Next we journeyed to the Sonny Bono National Wildlife Refuge. Erik, the Refuge Manager there, who is akin to a ranger, explained the Refuge’s purpose. He said it serves as a way station for birds travelling south along their annual migratory routes. The first Wildlife Refuge in the area was established in 1930 by President Hoover, on 30,000 acres, but over time as the Salton Sea grew the Refuge became submerged under water. The present-day Refuge comprises only about 2,000 acres, and is located on land leased by the government. But it continues the tradition of providing a resting place for migratory birds. Civilization and agriculture have reduced their previously open habitats; so birds find fewer spots to stop and feed. Managers at the Refuge sow annual rye grasses for their migratory visitors, particularly wild ducks and geese, and preserve for them the few remaining cattail marshes in the region. Birders can watch annual migrants from a specially designed birding perch on the property. Interestingly, the Refuge also permits hunting, so a significant number of migrating birds have learned to pass it by, as they like us, do not enjoy frequenting restaurants where drive-by shootings are a regular occurrence! Next we visited two geothermal sites created by their proximity to the San Andreas Fault: the Mud Volcanoes and the Mud Pots. By way of explanation, seismic faults cause both mountains to rise and “valleys” to sink. While true geological valleys are caused by the erosion of water against rocks, valleys caused by seismic faults are sunken terrains, actually created by the downward action of tectonic plates. In these low-lying areas, the molten core of the earth rises up close to the ground’s surface, and usual geothermal activity will result. The Mud Volcanoes are located off of a dirt road on private land. They are eerie, other-worldly creations of nature, small but oddly shaped mud cones that rise a few feet in height, omitting strange hissing noises from their bubbling centers of mud and steam. They resemble the small cartooned volcanoes drawn by the French writer, Saint Exupery, in his classic illustrated children’s book, The Little Prince. Periodically a burst of spray emerges from the core of these miniature volcanic cones. Archaic peoples regarded such cones and their larger volcanic cousins as natural entrance points to the mythical underworld, openings where either dark spirits or spirits of the dead might unexpectedly emerge. A few miles down the road, we made another stop at the Mud Pots, a similar center of visible geothermal activity, but with configurations of sunken holes rather than mud-rising volcanoes. Huell Howser produced a PBS show on both the Mud Volcanoes and the Mud Pots, and ironically it encored the very night that we returned from our trip. Huell, like us, found the mud surrounding the geothermic volcanoes to be deep, thick and gooey. My daughter, Kathryn, a Geography major at UCLA, researched the mud volcanoes by searching available US Geological Survey maps, and found that the Mud Pots and the Mud Volcanoes are actually two examples of a number of such sites in the immediate vicinity, all of which are documented on US Geological maps. As a result of such strong geothermal activity, several commercial power plants are now harnessing this natural earth-powered energy. Next, we drove on to the Salton Sea Visitors Center where we took our lunch. We picnicked at tables with attractive wooden shade covers along the edge of the Salton Sea. After lunch several of us watched the informative film in the Visitors Center, while others explored the “seashore.” The sand by the Salton Sea is composed of millions of tiny broken seashells, not grains of sand formed from rocks which one is used to at ocean beaches. Unfortunately, the seashore was also strewn with the carcasses of thousands of dead fish, perhaps a result of the Salton Sea’s high salt content. Pelicans, however, seemed happy to swim along the surface of water. After lunch, we journeyed through several nearby residential neighborhoods, tracing the Fault zone as it passed furtively under privately owned residences. We wondered how many of these homeowners knew their homes sat on a precarious geological state of affairs. Indeed, further north, much of the City of San Bernardino is quietly built along the fault zone. Evidently, it is rather difficult to see the Fault at eye level, but much easier to discern it from the air. A device such as Google Earth makes tracing the fault zone easier. In other areas, however, the Fault’s existence is very visible from the surface of the earth. We visited one such site next, the astonishing Painted Canyon. It provides a spectacular view of the active collision of the North American and Pacific plates. In the Canyon intersecting sedimentary rocks are twisted, turned over, and laid flat by the potent butting together of the two plates. Because the rocks are composed of various colors, they readily display distortions caused by the action of moving landforms. Rocks which were originally laid down horizontally are now totally up-ended and thrust vertically into towering spears and dramatic arches. Rick began to ask Joe a hypothetical question about the amount of time it would take for such geological formations to take shape, beginning his question with, “If I were to sit here for a million years, how long….” But before he could finish his sentence, other members had piped in with advice for him about how many beers he would need to stock up on and whether a comfortable lawn chair would be in order for his million year wait! After Joe’s talk on the geology of the area, some members of the group decided to hike up Ladder Canyon, which rises out of the end of Painted Canyon. The way leads into a slot canyon which can be approached only by ladders which have been left in place for that purpose, hence its name, Ladder Canyon. Leonard, who had been up the canyon before, shot a video of the group hiking and showed it to several of us later. We drove on to the town of Indio, where we checked into our motel rooms and assembled for dinner at Pueblo Viejo, a surprisingly superb Mexican restaurant located in an unlikely cuisine capitol. Sunday morning we arrived at the Coachella Valley Preserve, once known as “Thousand Palms.” In actuality, there are only a few hundred palms at the site, but they are massive, and especially unique, not for their numbers, but rather for their being native to the area. Most of the palm trees in Palm Springs, and throughout Southern California for that matter, were artificially planted, put in by land developers because their exotic look successfully attracted people from the East Coast. The palm trees at the Preserve, of the Washington filifera variety, are unique because they occur naturally. The Fault zone under the Preserve brings needed groundwater close to the surface - a mere 8 feet below the soil line - thereby giving the palm trees the water they require for their shallow roots. Furthermore, we learned that palm trees are not really “trees” at all, but rather very tall grasses. Their skirts act as important homes for a number of desert animals, including the rare nocturnal Southern Yellow Bat. The Coachella Preserve was originally a homestead; its distinctive hand-built palm house still stands now as the Visitors Center. It is a small log cabin built of palm trees, but with the palm trunks running vertically rather than horizontally as one is used to seeing in the familiar log cabins made from wooden forests. The hand-crafted home is quaint and charming, a true example of American folk art in the desert. A cafe flourished here at one time and cabins were built in the back to house overnight guests at 25 cents a night. We walked along the McCollum trail, which makes a circle around the Preserve, roughly tracing the path of the San Andreas Fault. Leaving the Preserve, we drove on to our next stop, the site of the giant wind turbines which one normally sees only from a distance while traveling along interstate I-10 through Palm Springs. Standing up close to these giant machines, one feels their immense power - they are truly daunting titans - generating overwhelming energy similar to a jet engine, but from only the wind. We continued to drive along a dirt road, crossing the White Water River, which is an unexpectedly large and swift year-round desert river. It led us up to the newly created Whitewater Preserve, where we ate lunch and officially ended the trip, leaving participants free either to get an early start home on the freeway or to hike and explore the newly protected White Water Preserve. The trip gave us all a richer and more detailed understanding of the intricacies of the southernmost section of the San Andreas Fault zone as it passes through a variety of geological formations. We gained new insight into the earth’s mysteries.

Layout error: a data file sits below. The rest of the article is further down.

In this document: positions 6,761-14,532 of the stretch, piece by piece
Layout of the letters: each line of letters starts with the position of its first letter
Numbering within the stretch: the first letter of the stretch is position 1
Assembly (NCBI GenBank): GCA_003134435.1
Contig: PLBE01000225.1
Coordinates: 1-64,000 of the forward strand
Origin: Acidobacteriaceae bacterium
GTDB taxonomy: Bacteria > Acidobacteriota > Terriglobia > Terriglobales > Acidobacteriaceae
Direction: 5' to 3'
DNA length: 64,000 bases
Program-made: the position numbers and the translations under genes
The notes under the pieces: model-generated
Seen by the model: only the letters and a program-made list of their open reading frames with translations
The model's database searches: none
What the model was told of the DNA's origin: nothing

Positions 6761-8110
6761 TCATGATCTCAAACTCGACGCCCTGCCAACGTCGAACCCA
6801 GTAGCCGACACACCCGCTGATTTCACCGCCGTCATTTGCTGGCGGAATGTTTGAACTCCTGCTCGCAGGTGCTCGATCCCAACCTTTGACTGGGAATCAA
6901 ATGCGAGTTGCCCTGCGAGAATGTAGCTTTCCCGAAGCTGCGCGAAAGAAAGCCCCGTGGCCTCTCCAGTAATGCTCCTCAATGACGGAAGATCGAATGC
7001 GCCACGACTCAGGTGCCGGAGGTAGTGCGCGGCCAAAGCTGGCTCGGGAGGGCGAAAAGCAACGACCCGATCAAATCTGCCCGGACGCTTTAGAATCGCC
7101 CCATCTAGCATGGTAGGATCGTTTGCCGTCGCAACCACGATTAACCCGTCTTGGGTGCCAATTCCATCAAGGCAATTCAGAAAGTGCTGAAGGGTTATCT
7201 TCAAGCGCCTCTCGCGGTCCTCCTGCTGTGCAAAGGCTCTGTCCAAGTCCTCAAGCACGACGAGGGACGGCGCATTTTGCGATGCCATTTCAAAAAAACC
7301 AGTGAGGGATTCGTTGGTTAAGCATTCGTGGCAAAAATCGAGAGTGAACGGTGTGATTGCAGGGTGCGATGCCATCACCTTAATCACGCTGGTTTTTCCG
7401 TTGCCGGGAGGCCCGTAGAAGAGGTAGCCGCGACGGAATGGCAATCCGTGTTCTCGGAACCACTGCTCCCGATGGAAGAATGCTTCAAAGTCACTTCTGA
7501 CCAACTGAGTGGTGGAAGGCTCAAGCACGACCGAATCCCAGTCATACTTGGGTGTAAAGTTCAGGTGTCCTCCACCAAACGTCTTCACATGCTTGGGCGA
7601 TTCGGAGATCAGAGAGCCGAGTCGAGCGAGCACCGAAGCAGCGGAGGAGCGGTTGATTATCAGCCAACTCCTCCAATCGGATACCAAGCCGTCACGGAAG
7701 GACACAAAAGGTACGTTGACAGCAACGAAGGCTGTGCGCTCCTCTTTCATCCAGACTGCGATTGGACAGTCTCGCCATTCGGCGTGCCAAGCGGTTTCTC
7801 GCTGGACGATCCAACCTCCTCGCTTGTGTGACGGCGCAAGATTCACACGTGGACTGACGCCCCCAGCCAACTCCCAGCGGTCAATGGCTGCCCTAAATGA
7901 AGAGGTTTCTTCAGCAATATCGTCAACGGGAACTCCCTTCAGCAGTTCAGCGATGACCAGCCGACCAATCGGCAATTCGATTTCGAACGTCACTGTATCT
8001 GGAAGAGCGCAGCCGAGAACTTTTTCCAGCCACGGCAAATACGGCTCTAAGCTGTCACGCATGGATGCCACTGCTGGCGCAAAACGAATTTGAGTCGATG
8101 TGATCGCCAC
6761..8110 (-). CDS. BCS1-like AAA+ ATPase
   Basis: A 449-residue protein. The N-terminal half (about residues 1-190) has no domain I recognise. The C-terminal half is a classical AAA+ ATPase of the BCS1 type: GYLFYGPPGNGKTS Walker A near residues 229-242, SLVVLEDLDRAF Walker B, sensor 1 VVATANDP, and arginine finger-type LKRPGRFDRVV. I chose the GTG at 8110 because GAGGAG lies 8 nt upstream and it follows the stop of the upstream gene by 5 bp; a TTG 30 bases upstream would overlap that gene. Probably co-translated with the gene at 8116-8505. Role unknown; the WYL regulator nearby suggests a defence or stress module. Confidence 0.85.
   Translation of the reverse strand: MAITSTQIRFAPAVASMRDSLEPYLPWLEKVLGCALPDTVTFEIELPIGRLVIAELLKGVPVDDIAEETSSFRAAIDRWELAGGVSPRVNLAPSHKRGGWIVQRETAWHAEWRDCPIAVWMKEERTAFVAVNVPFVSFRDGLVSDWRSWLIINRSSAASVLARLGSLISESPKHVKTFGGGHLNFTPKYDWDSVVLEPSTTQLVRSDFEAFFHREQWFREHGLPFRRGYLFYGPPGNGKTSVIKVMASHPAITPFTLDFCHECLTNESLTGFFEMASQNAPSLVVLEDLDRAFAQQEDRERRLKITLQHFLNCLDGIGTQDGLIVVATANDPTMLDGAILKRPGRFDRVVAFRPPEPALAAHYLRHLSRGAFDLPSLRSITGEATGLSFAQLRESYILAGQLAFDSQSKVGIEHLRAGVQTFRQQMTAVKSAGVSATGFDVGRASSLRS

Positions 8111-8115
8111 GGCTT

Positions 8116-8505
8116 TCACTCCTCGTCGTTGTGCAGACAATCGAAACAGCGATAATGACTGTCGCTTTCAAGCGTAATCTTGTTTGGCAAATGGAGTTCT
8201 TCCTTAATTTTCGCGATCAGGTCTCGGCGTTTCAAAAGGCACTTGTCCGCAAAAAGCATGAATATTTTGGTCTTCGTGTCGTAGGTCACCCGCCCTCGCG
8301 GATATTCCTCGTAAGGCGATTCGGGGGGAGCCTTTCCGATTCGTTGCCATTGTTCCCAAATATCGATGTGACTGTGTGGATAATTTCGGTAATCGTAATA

Check out Mal Roode's video clips of the mud pot action: